The same year Counter-Strike was already born and the countdown began. There wasn't much time left: in 2001, Operation Flashpoint rumbled, singing a rapturous hymn to naturalism, even to the detriment of gameplay. The final shot to the back of the head came in 2003. The new blockbuster Call of Duty, which set a lot of trends for the whole industry, hammered the last nail in the coffin. Here's the cynicism of life: the first CoD was released on the engine of the Quake III Arena.
What Happened Next: It seems that the creators themselves realized that it is time to change the course. Although the latest children of a bygone era, Doom 3 and Quake IV didn't fit into the general picture of the world, they considerably delighted the old generation of gamers and entertained the new one.
...And, of course, there was the touching "homage" when trying to get out of Doom 3: "Dashing away, eh?"
It's fun to see familiar faces in something you haven't seen before! How interesting to look at an ancient portrait and find a resemblance to a distant descendant of the portrayed on the canvas... In the game industry, too, there is such a "family" that has not lost the family traits from generation to generation. It has no single name, but for centuries it has been associated with the name of Warren Spector.
System Shock of 1994 was both an action game and a role-playing game. Shooting at aggressive targets was perfectly combined with a first-class story (with intrigue!), a system of skills and perks, as well as a real horror atmosphere - when you want not to shoot at the enemy with all guns, but to take your feet to the nearest church, mosque or synagogue. A unique and successful combination simply did not agree to go to the grave to the delight of detractors - three years later Warren Spector at the head of Looking Glass Studios and Ken Levine with the guys from Irrational Games repeated the successful experience.
It came out remarkably well. The role-playing actioner turned out not to be a weird freak, but quite a viable mutant. The story of confrontation between human and cold artificial intelligence in the confined spaceship turned out to be not only intriguing, but no less creepy than in System Shock 1. The only thing that scared the shit out of her was Chodan, the successor of HAL-9000 from "2001 Space Odyssey" by Stanley Kubrick, who was not singing a song in her effort to belittle her murderer. It's not for nothing that LKI has already awarded the SS2 climax (when Shodan reveals her cards) the title of one of the scariest game moments in history!
Coupled with such wonderful scenery, the gameplay was even more enjoyable: the three directions of character development - fighter, hacker and psionic - introduced a healthy variety, giving an incentive to repeat the playthrough. Each of them came out unrepeatable - a great achievement for the creators! And that's in addition to the impact on the entire industry: introducing RPG elements into action films became a good tone for many, many years... However, the story of System Shock 2 is interesting not only in itself, but also in the context of the whole "clan".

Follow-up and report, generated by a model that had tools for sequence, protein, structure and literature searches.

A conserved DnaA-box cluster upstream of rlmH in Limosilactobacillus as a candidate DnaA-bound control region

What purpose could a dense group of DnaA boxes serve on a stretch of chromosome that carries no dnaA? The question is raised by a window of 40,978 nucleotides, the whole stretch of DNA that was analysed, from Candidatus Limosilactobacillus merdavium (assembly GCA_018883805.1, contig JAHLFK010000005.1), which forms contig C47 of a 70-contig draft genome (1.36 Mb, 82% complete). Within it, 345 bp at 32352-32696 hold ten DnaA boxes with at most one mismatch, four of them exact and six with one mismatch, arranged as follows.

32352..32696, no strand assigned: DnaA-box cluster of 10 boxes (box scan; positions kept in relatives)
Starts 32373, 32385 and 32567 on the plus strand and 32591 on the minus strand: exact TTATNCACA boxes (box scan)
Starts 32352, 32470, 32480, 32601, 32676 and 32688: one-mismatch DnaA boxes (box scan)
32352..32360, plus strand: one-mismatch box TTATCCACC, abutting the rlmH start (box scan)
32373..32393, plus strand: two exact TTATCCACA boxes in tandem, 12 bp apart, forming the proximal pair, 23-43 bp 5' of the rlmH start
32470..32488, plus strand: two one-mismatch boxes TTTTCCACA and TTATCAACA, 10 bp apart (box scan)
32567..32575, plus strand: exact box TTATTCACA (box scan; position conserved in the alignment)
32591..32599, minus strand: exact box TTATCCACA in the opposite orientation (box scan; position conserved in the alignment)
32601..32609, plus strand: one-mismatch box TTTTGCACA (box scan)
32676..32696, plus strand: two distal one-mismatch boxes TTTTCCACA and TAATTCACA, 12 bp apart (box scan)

What Happened Next: Looking Glass Studios went bust, as they call it: oh, the cruel laws of economics! But at that moment Mr. Spector was already working at Ion Storm, where, together with John Romero, father of Wolfenstein 3D, Doom and Quake, he created one of the pillars of the game industry - Deus Ex (same System Shock with a lot of modifications). Take Two didn't come out. Deus Ex: Invisible War turned out to be a "weak child" and did not enjoy much fame. Meanwhile, Irrational Games came under the wing of Take-Two Interactive, where in 2007 they completed another reincarnation of the ancestor - Bioshock.
The success of Unreal Tournament was called into question even before release. First, the cheesy online mode in the original game, Unreal; second, the new action game had to compete with Quake III. A worthy adversary! And UT coped with the assigned duties.
Quake III Arena and Unreal Tournament differed little in essence: both were ferocious online action games with a reduced single-player mode and a deathmatch bias. But the latter differed favorably from its dangerous counterpart in its elaborateness and appeal. A short but succinct description of each map, team and weapon, the narrator's comments on the success of a single player (do you still remember the "jamming" shout when someone managed to kill a whole crowd of enemies? "Mo-mo-mo-mo-mo-monster kill!"). And, of course, the extensive vocabulary of bots; computer opponents not only enjoy the "fragging", but also constantly mock the enemy or just swear dirty (this idea will one day inspire Valve, and the characters of their team-based online combat game Team Fortress 2 will not close their mouths at all).
Also, Unreal Tournament had a zonal damage system - a hit to the head did more damage. Each weapon had an alternate firing mode, and levels were not only arenas, but team scenarios where one team defended and the other attacked.
What Happened Next: The three sequels successfully replaced each other in all tournaments and championships. Nowadays Unreal Tournament 3 reigns supreme, and it is rather difficult to recognize its distant ancestor. But Epic Games has gone further - and their Gears of War series sets the standard in the third-person action market.